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his nature claim of another, may be reduced to these four particulars :

First, Every man has a right to an equitable treatment from every man.

Secondly, Every man hath a right to judge for himself so far as he is capable.

Thirdly, Every man hath a right not to be forced or impelled to act contrary to the judgment of right

reason.

unto you,

Fourthly, Every man hath a right to be respected by every man according to the dignity of his nature.

1. Every man hath a right to an equitable treatment from every man; that is, to be treated according to the measures of that golden rule of equity prescribed by our Saviour, Matt. vii. 12. Therefore all things whatsoever ye would that men should do

do ye even so to them; for this is the law and the prophets: i. e. In all your intercourses with men, suppose you had exchanged conditions with them, and that you were in theirs, and they in yours; and be sure you do them all that good, which, upon a due consideration of the case, you could reasonably expect or desire of them, if you were in their persons and circumstances. And this right of being treated by others as they would expect to be treated by us, supposing they were in our circumstances, arises from that equality of nature that is between us, which gives every one a right to be equally treated by every one, and to claim all those good offices from others, which they might reasonably claim of him, if they were in his state and circumstances. For we being all propagated from the same loins, and partakers of the same nature,

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every man in the world is by cognation of blood, and agreement of nature, every man's brother and kinsman. We are all but so many several streams issuing from one common source, but so many several twigs sprouting from the same stock: we are all of us but one blood derived through several chanels; but one substance multiplied, and dilated into several times and places, by the miraculous efficacy of the divine benediction. We are all fashioned according to the same original idea, resembling God our common Father: we are all endowed with the same faculties, inclinations, and affections; and do all conspire in the same essential ingredients of our nature: and there is nothing doth distinguish or diversify us, but what is accidental to our being ; such as age and place, figure and stature, colour and garb; so that every man is not only our most lively image, but in a manner our very substance, or another ourself, under a small variation of present circumstances : which circumstances are to be considered in every application of the above-named rule of equality to our actions. If I am superior to another, either in my place or relation, or in the goods of my mind or fortune; I am only obliged by this rule to do that by him which I might reasonably desire he should do by me, were he as much my superior as I am his. But when all men naturally as such are equal, and do stand upon even terms and level ground, there ought to be no other inequality in their mutual treatment of one another, but what is owing to the inequality of their circumstances : and he who doth that to another man, which upon good reason he would not have another do to him in the same circumstances, doth unjustly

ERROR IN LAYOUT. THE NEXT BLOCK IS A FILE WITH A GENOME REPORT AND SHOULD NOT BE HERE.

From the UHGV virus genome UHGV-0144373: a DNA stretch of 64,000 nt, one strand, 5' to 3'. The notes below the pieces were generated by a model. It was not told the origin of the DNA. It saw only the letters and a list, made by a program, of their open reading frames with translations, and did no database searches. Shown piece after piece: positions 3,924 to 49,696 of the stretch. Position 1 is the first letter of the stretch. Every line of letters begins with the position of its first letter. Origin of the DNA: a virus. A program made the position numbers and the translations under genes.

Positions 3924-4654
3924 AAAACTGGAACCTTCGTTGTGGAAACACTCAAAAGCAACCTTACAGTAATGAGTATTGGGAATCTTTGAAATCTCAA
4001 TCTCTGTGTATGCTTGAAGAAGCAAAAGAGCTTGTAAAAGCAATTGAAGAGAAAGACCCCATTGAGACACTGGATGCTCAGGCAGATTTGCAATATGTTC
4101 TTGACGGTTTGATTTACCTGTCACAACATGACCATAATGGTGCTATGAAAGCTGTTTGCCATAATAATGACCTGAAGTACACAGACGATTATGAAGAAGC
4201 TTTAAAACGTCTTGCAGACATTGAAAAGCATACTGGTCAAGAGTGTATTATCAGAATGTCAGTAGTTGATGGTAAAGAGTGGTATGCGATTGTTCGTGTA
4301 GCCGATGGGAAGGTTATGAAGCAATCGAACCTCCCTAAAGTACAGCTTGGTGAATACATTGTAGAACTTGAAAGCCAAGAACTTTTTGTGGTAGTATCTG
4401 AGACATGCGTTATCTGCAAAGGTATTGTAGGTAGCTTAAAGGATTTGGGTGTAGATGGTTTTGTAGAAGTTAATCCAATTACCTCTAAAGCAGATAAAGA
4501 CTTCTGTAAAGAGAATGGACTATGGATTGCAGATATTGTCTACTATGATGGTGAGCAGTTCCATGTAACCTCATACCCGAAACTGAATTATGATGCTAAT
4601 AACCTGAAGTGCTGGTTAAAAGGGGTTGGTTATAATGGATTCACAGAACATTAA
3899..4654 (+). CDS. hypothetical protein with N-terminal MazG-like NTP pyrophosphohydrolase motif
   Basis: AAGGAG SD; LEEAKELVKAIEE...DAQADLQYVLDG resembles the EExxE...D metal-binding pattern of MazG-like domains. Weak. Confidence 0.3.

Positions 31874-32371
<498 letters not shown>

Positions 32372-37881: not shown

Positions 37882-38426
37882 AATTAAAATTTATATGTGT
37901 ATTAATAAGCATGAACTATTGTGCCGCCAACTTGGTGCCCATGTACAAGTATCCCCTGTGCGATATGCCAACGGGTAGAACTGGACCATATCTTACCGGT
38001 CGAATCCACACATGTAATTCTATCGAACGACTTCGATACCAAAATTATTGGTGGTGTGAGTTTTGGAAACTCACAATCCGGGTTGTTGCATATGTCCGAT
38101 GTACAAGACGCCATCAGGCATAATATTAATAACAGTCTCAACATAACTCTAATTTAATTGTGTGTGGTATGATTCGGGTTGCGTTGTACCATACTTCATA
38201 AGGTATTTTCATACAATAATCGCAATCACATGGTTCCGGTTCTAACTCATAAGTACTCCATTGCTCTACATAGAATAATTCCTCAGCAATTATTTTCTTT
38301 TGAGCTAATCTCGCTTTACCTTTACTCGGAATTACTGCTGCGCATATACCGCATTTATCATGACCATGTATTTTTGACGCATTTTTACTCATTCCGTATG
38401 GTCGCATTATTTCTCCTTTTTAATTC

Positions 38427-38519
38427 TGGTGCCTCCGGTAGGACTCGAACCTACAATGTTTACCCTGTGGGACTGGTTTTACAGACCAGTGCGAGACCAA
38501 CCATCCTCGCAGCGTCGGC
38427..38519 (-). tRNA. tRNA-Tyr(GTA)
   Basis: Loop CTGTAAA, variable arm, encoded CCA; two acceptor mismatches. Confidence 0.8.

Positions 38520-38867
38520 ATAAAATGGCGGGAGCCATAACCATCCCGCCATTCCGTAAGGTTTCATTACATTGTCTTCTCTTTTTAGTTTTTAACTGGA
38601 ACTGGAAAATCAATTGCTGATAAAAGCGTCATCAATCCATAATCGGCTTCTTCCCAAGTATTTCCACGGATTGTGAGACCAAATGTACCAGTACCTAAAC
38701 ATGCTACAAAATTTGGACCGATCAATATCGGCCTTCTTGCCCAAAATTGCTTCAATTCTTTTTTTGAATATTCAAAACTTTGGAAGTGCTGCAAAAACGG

usurp a superiority over him, which neither nature nor providence allows of. For there is no proposition in the mathematics more self-evident than this, Paria paribus conveniunt, Equal things agree to equal persons; and therefore since we are all equal by nature, whatsoever things are due to me, must by the same reason be due to another in the same circumstances; and therefore he that denies to another man that which he conceives he might justly claim of him in the same condition, unjustly withholds from him a right that is due to him, as he is his equal in nature.

2. Every man hath a right to judge for himself so far as he is capable: for we must either suppose that every being hath a right to use its own faculties, or else that it hath its faculties in vain. For to what purpose serve its faculties, if it hath no right to make use of them ? And to what purpose serveth our faculty of reason, but only to judge for ourselves in all such matters as fall within the sphere of our cognizance? which if our reason be debarred of, it stands for a lonely cipher in our natures, and is altogether useless and insignificant. And if in any thing our reason hath a right to judge for us, then much more in matters of religion, in which our